The recruitment of executive-level or highly technical information technology (IT) professionals, particularly developers, is a major area of concern for leading national or multinational companies operating in Malaysia. With the demand of developers outstripping the available supply of talent, executive recruitment company Monroe Consulting Group Malaysia spoke to six human resources (HR) executives or hiring managers working for leading technology companies about the difficulties sourcing developers and what they are looking for in the perfect job candidate.
Monroe Malaysia Managing Director Monica Viladot said that while universities and other higher learning education centres in Malaysia were beginning to catch up with the demand for developers in the information technology sector, “paper qualifications” were no guarantee that graduates would be able to secure jobs with leading companies.
“The majority of human resources executives or hiring managers are concerned about the quality of many of these graduates, or even professionals with a couple of years’ experience under their belts,” Monica said. “And we are of the same opinion: if you don’t have the right attitude for the job, if you can’t think outside the box, or you have no desire to learn or develop yourself, you won’t get far as a developer.”
Monica said it was a real challenge for many companies to not only recruit the right developers, but to retain them. “It is not uncommon for senior information technology professionals to receive five job offers on LinkedIn in a single day, which is obviously driving salaries upwards,” she said.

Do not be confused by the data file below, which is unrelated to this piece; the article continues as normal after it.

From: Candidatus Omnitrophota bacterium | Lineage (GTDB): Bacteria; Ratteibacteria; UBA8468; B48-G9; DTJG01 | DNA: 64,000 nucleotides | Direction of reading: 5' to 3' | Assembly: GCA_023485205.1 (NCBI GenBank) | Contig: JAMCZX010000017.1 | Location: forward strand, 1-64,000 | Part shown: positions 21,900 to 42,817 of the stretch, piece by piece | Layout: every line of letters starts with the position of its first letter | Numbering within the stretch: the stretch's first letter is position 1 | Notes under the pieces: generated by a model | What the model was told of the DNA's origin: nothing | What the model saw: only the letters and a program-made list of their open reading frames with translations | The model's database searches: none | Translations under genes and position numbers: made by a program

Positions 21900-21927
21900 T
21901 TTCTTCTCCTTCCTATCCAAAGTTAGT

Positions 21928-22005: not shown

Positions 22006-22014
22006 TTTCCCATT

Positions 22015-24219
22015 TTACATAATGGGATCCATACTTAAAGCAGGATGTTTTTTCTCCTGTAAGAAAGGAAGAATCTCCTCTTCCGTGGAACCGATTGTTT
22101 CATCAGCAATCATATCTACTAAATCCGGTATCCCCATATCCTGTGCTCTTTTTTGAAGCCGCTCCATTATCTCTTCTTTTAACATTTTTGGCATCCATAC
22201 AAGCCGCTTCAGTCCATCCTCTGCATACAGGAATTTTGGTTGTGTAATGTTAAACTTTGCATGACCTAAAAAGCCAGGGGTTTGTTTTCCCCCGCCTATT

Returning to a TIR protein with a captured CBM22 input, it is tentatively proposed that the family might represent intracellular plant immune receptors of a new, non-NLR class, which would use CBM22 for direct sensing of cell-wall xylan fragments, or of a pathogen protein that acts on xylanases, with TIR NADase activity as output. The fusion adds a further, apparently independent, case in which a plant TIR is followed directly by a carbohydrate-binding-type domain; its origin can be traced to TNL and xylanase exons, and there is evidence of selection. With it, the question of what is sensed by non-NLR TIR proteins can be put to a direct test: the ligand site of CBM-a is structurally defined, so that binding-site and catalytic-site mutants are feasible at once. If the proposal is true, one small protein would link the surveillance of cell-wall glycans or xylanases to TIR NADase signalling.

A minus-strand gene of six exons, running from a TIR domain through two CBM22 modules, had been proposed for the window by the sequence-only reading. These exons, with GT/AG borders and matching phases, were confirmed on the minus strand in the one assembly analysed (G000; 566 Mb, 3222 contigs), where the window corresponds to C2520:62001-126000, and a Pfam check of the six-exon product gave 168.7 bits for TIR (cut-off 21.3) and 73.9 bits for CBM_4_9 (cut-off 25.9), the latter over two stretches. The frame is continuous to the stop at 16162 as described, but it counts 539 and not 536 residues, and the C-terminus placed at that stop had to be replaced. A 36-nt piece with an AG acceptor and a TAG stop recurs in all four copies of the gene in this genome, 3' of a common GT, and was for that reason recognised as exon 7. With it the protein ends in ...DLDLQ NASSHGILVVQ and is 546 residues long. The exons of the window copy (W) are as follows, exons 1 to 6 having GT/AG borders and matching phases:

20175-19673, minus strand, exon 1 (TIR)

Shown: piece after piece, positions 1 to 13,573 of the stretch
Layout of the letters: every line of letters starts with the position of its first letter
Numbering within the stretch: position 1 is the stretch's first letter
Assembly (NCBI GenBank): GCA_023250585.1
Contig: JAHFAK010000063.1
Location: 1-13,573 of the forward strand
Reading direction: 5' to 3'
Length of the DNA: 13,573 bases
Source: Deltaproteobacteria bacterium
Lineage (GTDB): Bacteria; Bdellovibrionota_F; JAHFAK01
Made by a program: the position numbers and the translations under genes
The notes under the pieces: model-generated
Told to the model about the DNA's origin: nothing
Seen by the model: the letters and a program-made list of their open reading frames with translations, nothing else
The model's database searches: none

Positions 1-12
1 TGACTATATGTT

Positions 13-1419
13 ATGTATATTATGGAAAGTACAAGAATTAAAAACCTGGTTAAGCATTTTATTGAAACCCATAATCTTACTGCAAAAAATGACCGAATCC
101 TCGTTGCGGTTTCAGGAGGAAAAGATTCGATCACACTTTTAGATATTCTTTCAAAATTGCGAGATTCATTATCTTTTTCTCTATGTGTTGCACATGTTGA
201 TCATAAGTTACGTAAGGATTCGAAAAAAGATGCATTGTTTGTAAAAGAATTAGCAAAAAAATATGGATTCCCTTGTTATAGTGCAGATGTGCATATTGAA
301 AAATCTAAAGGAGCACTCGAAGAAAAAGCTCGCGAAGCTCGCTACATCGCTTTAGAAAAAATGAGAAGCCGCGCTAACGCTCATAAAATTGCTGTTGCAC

Clarice Tay, vice president and head of acquisition and traffic generation for Tameko, a pioneer in the technology, media and telecommunications industries, said there were shortages of developers, both IOS and Android, as well as PHP developers.
Arvind Gasen, service delivery manager for Hitachi Sunway Network Solutions (Malaysia) Sdn Bhd said that given the surplus of graduates from universities it seemed “illogical” to have a supply shortage. “At any given time an advertisement is posted for a vacancy, there will be numerous applications with candidates boasting about their qualifications,” he said. “However, in my opinion, the reason why most companies are facing shortages is because the qualities that are looked for in a candidate cannot be measured by a certificate that one has obtained.”
Arvind said a certificate did not guarantee that the individual would become a reliable and dependable employee. “Candidates as of late have been severely lacking in terms of critical thinking, problem-solving and communication skills. They often seem lost when they encounter a problem or a complication that they may not have heard of from previous experiences or from what they have learned and often are not on the right track to look for answers.”
He said that many candidates were failing to push themselves and always expected knowledge to become a handout instead of a personal pursuit. “More often than not, a simple ‘I don’t know’ will suffice for them,” he said. “In this day and age, any sort of information can be obtained if proper research is done. With this in mind, it is simply not enough to have a certificate to prove your qualification but face a roadblock when the intellect is challenged.”